The Dalai Lama really gets it.
The Tibetan spiritual leader is in Washington, D.C., to lead a 10-day peace festival at a venue just a few blocks from Americans United’s national office.
The Washington Post has been reporting on the event. Yesterday the newspaper mentioned the Dalai Lama’s longtime support of the separation of church and state.
You may recall that the Dalai Lama gave up his political and administrative powers as the head of Tibet’s government-in-exile in March. At yesterday’s peace festival, he said saw the “hypocrisy” of advocating for church-state separation as a religious leader while also being involved in official political and government matters.
“Now I can tell people religious institutions and political institutions must be separate,” he said. “My statement is now honest.”
I wish more heads of government in the United States could follow the Dalai Lama’s example. Texas Gov. Rick Perry is definitely one who should be taking notes.
Perry thinks it’s his role to act as both a religious leader and governor and has used his political power to sponsor a fundamentalist Christian rally in Houston next month.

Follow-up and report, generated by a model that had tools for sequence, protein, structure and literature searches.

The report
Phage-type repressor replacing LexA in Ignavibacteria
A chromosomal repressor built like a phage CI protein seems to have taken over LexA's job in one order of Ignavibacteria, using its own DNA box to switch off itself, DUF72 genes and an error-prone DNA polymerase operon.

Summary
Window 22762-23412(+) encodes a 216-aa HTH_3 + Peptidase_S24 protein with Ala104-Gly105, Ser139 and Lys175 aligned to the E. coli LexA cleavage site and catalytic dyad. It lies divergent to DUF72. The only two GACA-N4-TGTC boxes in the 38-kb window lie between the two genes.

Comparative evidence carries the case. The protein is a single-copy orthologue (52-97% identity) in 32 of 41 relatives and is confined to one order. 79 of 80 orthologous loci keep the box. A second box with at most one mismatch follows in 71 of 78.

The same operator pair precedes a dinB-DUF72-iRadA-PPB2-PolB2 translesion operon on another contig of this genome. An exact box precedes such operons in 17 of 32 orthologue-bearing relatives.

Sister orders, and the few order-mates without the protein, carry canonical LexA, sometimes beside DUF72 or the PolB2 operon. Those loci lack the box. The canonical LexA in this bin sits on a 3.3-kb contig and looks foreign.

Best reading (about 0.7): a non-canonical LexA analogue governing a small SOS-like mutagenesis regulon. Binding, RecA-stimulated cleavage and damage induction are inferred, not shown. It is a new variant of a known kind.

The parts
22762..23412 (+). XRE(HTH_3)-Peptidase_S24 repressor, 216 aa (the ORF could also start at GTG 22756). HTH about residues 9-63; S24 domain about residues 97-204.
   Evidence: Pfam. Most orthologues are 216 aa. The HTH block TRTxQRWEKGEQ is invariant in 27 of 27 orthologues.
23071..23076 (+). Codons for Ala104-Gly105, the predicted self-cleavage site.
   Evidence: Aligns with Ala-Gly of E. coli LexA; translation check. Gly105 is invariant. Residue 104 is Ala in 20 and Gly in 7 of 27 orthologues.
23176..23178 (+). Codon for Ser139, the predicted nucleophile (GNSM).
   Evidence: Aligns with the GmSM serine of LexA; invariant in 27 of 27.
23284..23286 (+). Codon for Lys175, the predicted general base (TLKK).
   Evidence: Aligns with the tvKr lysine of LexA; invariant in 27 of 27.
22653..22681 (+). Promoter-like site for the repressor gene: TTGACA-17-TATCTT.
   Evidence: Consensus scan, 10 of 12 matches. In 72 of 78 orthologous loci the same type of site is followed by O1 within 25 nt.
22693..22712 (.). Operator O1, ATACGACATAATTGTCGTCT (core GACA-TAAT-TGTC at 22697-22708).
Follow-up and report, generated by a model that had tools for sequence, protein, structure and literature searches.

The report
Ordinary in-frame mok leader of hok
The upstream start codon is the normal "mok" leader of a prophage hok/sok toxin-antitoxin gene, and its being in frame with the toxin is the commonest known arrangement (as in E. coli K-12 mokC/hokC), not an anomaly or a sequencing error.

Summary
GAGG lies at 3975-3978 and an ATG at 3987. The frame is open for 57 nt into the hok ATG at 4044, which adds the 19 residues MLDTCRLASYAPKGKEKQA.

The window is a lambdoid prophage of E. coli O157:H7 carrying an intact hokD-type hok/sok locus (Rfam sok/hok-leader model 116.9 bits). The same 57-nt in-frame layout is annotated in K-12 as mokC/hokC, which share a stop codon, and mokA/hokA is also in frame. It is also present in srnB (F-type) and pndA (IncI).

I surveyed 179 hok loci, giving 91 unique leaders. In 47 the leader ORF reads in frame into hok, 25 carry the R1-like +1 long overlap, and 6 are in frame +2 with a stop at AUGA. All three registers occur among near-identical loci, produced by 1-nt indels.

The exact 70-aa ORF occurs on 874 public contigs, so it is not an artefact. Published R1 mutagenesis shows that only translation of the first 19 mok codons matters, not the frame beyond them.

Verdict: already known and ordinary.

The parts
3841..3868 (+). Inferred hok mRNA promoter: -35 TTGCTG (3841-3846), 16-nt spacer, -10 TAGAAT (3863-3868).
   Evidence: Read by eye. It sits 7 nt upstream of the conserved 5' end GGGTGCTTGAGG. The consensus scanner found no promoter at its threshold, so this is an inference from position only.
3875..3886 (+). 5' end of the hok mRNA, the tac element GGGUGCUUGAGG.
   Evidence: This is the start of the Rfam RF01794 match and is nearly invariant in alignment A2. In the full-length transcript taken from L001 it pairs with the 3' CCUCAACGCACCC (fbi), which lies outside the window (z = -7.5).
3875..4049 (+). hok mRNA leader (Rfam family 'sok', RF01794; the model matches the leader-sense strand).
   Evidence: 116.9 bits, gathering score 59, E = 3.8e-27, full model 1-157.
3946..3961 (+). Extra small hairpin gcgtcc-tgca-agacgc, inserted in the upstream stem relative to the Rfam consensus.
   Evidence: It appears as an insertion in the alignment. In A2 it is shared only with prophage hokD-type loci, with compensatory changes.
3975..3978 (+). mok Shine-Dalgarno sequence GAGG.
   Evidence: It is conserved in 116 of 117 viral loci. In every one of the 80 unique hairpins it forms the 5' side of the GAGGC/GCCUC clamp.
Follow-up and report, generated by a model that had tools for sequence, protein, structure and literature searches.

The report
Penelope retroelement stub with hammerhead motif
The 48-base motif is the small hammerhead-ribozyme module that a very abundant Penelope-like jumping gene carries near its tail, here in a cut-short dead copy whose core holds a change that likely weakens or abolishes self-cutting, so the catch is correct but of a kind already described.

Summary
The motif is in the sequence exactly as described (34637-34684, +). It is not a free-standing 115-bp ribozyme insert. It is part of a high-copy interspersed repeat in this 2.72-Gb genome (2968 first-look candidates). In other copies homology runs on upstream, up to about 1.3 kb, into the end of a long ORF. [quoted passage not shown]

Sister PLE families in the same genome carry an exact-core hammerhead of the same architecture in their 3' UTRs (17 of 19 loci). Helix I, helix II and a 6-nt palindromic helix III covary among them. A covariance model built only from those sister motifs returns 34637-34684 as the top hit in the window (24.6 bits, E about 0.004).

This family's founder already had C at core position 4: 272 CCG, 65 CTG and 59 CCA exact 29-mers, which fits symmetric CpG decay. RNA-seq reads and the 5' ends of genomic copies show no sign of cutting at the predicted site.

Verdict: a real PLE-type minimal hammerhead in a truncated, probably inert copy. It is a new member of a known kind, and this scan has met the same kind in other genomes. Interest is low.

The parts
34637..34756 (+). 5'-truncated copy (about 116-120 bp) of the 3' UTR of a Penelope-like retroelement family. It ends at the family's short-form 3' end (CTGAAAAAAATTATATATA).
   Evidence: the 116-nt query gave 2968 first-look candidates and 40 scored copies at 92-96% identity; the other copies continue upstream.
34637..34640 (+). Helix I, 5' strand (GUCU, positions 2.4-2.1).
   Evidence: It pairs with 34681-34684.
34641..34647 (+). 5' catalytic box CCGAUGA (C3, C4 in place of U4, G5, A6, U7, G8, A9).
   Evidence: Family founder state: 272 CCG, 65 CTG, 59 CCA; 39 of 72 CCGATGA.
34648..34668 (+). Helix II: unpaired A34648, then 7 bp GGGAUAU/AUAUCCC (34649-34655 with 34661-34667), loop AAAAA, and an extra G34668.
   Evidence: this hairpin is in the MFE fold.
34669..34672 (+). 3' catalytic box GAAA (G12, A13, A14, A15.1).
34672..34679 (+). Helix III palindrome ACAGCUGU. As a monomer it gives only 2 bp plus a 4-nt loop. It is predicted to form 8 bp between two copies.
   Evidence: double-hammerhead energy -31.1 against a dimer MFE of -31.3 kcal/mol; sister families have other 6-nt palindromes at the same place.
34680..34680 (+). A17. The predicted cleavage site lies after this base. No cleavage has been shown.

Kansas Gov. Sam Brownback, who has said he will attend Perry’s rally, is another government official who could learn from the Dalai Lama. He’s crossed the church-state line from his first day in office, turning his swearing-in ceremony into a religious revival. And now, Brownback has thrown his support behind a state-funded, “faith-based” proselytizing program that he believes will help parolees stay out of prison.
Harrisburg, Pa., Mayor Linda Thompson can also take a page out of the Dalai Lama’s book. She recently organized a prayer and fasting campaign to solve the city’s piling debt. Throughout her tenure as mayor, she’s continuously imposed her religious beliefs on her staff and the people of Harrisburg.
These are just the most recent church-state offenders. They think it’s appropriate to serve as both head of government and religious adviser. That doesn’t fly under our Constitution.
Our government leaders must stay neutral on matters of religion. If Perry, Brownback, Thomson and other elected officials want to preach, they need to rethink their line of work.